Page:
Information transfer to out-of-hours care for palliative patients is lacking
MedWire News: Information provided by general practitioners (GPs) concerning palliative patients' conditions and management is available in only a minority of cases to out-of-hours services, show Dutch study results.
"Lack of personal contact between professional caregivers might influence the continuity of end-of-life care for the vulnerable group of patients receiving palliative care," suggest Truuske De Bock and co-workers at the University of Groningen in The Netherlands.
The study findings indicate that overall, GPs consider continuity of care during out-of-hours palliative services to be an important issue, but their attitudes toward its organization varies.
The researchers investigated whether, during a period of 3 months in 2006, information on 338 patients receiving palliative care was transferred from their own GP (n=183) to an out-of-hours service, the frequency of transfer, and the content of the information.
The team used an out-of-hours database as well as a GP-directed interview and questionnaire in the analysis.
Patients were aged a median 77 years, 48% were male, and cancer was the most common diagnosis. The most common reasons for an encounter with the out-of-hours service was pain, respiratory symptoms and anxiety, restlessness, and confusion, report the researchers.
In all, 270 (79.9%) patients had no GP handovers available at the time they contacted the out-of-hours service, says the team. Furthermore, among the 107 handovers that were available, just 36.4% contained an "anticipating" end-of-life management plan in terms of prognosis, and only 28.0% had a patient medical history.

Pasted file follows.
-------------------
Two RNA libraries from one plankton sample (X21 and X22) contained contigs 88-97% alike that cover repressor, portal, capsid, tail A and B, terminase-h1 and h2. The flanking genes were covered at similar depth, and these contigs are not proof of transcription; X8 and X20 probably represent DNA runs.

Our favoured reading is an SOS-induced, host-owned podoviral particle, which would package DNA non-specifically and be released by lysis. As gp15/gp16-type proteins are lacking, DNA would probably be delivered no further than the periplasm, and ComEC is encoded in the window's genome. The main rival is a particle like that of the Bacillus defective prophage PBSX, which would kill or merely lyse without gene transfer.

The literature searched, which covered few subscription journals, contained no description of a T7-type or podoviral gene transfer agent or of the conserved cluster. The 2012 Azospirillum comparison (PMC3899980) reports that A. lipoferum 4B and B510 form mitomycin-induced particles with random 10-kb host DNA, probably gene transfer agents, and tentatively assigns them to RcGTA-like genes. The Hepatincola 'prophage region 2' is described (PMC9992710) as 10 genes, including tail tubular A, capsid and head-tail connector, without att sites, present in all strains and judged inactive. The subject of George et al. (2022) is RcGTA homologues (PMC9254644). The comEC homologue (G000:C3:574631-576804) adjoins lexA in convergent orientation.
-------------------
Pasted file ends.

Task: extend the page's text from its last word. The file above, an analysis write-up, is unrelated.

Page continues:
An anticipating management plan "ideally includes a description of the patients' understanding of their medical history and condition, values, preferences, and personal, family, and community resources," remark De Bock et al in the journal Family Practice.
The team interviewed a group of 19 individual GPs connected to the out-of-hours database, of whom 41% reported making a handover to the service when they expected their patient to enter the final stages of disease. Of those who did handover, a frequently cited reason was that they did not want their patients to have to re-explain their situation to another doctor.
Barriers cited by GPs to making out-of-hours transfers were technical (bad internet connections, not having enough space to record information), related to time, and the GP not expecting that their patient would die.
The information gathered during the interviews was used to compile a questionnaire, which was returned by 81 GPs, representing 44 of the 52 Dutch out-of-hours services.
Just over three-quarters (76%) of GPs reported transferring information to the out-of-hours service for the majority of their palliative patients, mostly by facsimile (61%), and 20% used the Dutch digital handover system. However, responders were more satisfied with a personal information transfer with a colleague.
GPs also recommended that a checklist be sent electronically or by facsimile to out-of-hours services, a suggestion that increased the number of out-of-hours handovers in England from 21% to 55%.
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By Sarah Guy